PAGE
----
BY PJ CARMICHAEL
Wesley Eisold is a legend in the hardcore scene, having been a part of definitive hardcore and noise bands such as American Nightmare/Give Up The Ghost, Some Girls, XO Skeletons, Ye Olde Maids. I first encountered his work after a friend showed me Wesley’s band American Nightmare/Give Up The Ghost, and I was instantly hooked. The music is effectively angry, fast, and noisy, while the lyrics are honest, poetic, and intelligently written. Eisold also runs Heartworm Press, an independent publishing company, and has published his own book, Deathbeds, a collection of both his released and unreleased written work from 1999 to 2007. He is currently involved with his most recent electronic project, Cold Cave. I was fortunate enough to have the opportunity to ask him about his music, experience in Boston, and future plans.
How did you first get into hardcore music?
I loved bands like the Cure and the Smiths when I was young, in the late 80’s. Those bands led me to more underground bands that I started seeing, and from there I got more into punk and hardcore. Hardcore fit how I felt. I skated then too, so it all came together.
What does Boston/Massachusetts mean to you?
I love Boston. I’m still in love with the city I lived in when I lived there. The people, the bands, the shows. My era of Boston was 97-2003. By 2002, I was touring and then just gone, but before that, everyone there knew it was the best place to be at that time.
What are your fondest memories of the city?
Just being young and having no cares at all. The shows were everything. Music and Boston were all I cared about. The shows in amazing alternative venues, churches, halls, etc. I felt at home somewhere. These ideas are rampant with youth and pureness and I’ll never feel that way again, and that’s okay.
What was your experience with zines like?
I loved zines. i bought zines. I sold zines. Collected them, made them, traded them.
Do you have any advice for zinesters?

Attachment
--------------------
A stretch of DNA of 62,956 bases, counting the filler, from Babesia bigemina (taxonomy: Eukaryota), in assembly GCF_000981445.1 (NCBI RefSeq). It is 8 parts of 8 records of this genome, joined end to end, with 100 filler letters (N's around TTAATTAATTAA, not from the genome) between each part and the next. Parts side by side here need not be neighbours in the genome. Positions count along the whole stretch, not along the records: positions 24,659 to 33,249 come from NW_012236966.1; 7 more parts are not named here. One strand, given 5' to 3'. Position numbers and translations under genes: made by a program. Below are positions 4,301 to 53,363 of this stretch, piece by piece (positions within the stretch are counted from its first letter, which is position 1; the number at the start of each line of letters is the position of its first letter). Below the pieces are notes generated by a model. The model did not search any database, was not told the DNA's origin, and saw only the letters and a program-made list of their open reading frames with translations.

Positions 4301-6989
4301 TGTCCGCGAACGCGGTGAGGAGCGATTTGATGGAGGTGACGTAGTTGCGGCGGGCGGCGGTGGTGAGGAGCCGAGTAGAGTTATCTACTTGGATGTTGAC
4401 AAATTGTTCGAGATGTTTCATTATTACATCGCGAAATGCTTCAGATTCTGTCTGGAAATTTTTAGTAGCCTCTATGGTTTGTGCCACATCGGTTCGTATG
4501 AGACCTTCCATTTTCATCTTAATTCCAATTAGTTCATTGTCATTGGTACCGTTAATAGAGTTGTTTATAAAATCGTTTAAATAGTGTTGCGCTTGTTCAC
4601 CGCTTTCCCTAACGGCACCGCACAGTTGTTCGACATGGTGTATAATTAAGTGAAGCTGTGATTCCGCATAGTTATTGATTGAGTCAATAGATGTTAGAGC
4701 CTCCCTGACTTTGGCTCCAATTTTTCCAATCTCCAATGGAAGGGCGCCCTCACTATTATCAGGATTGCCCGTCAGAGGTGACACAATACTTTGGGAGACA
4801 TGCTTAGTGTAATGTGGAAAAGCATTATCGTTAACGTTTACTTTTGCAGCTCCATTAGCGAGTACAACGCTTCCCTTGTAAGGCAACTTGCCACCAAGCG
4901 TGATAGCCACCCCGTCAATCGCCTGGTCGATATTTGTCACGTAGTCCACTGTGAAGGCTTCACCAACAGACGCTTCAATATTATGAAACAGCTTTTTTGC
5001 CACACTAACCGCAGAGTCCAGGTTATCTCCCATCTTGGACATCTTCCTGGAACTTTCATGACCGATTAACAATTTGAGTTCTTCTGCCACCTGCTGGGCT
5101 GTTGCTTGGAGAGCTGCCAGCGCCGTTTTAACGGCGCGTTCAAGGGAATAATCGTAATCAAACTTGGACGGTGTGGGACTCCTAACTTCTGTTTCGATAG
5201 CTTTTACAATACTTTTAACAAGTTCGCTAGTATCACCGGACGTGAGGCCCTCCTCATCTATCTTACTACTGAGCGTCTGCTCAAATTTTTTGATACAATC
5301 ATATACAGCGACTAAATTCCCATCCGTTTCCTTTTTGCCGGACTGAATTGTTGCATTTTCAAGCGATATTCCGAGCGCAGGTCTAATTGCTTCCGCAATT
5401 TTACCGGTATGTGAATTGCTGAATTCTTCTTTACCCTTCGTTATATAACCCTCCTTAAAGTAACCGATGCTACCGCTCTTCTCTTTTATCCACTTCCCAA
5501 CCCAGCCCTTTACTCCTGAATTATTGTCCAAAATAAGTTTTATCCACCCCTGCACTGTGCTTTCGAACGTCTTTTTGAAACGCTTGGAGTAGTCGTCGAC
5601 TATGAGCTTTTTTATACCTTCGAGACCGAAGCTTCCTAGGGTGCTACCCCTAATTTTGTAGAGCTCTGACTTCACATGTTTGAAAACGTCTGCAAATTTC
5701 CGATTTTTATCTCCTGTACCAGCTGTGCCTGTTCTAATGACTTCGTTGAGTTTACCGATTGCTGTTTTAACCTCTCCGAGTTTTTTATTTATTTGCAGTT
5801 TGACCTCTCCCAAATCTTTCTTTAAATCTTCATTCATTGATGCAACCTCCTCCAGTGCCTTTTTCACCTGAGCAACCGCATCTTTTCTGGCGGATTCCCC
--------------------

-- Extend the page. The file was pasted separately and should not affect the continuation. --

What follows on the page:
Go make one, it’s easy. I just started printing things I liked out, cut them up, pasted them to paper, photocopied that, and then I had my first zine.
Do you have any plans to reprint Deathbeds?
Yes, a hardcover edition this year.
How and why did you form Cold Cave?
I wanted to make music by myself and I can’t play guitars/basses/drums because of my hand. So I started making electronic music to fulfill my needs of writing and creating.
Why the new sound and the distance from hardcore?
I never just loved hardcore music. In the first AN ads, I’m wearing a Sisters t-shirt. Here we are years later…
What do you see as the main difference between your past music and your current music?
I channel anger differently. I find more similarities in the bands than differences. It’s still thematically the same, in a different format. I think when Cold Cave started, a lot of people from hardcore were skeptical or thought it was too much of a departure. Doesn’t seem like that’s the case any more. I’ve noticed more people from hardcore coming to the shows, because there is the same sentiment in the music if you liked AN. It’s all cool either way. I’m just happy to be doing this still.
What are your future plans with Cold Cave?
I’m on tour with Nine Inch Nails now in Europe for another month. After this I’ll make an album. I’m on my own schedule, doing this on my own terms. It’ll stay that way.
Watch the music video for Love Comes Close, by Cold Cave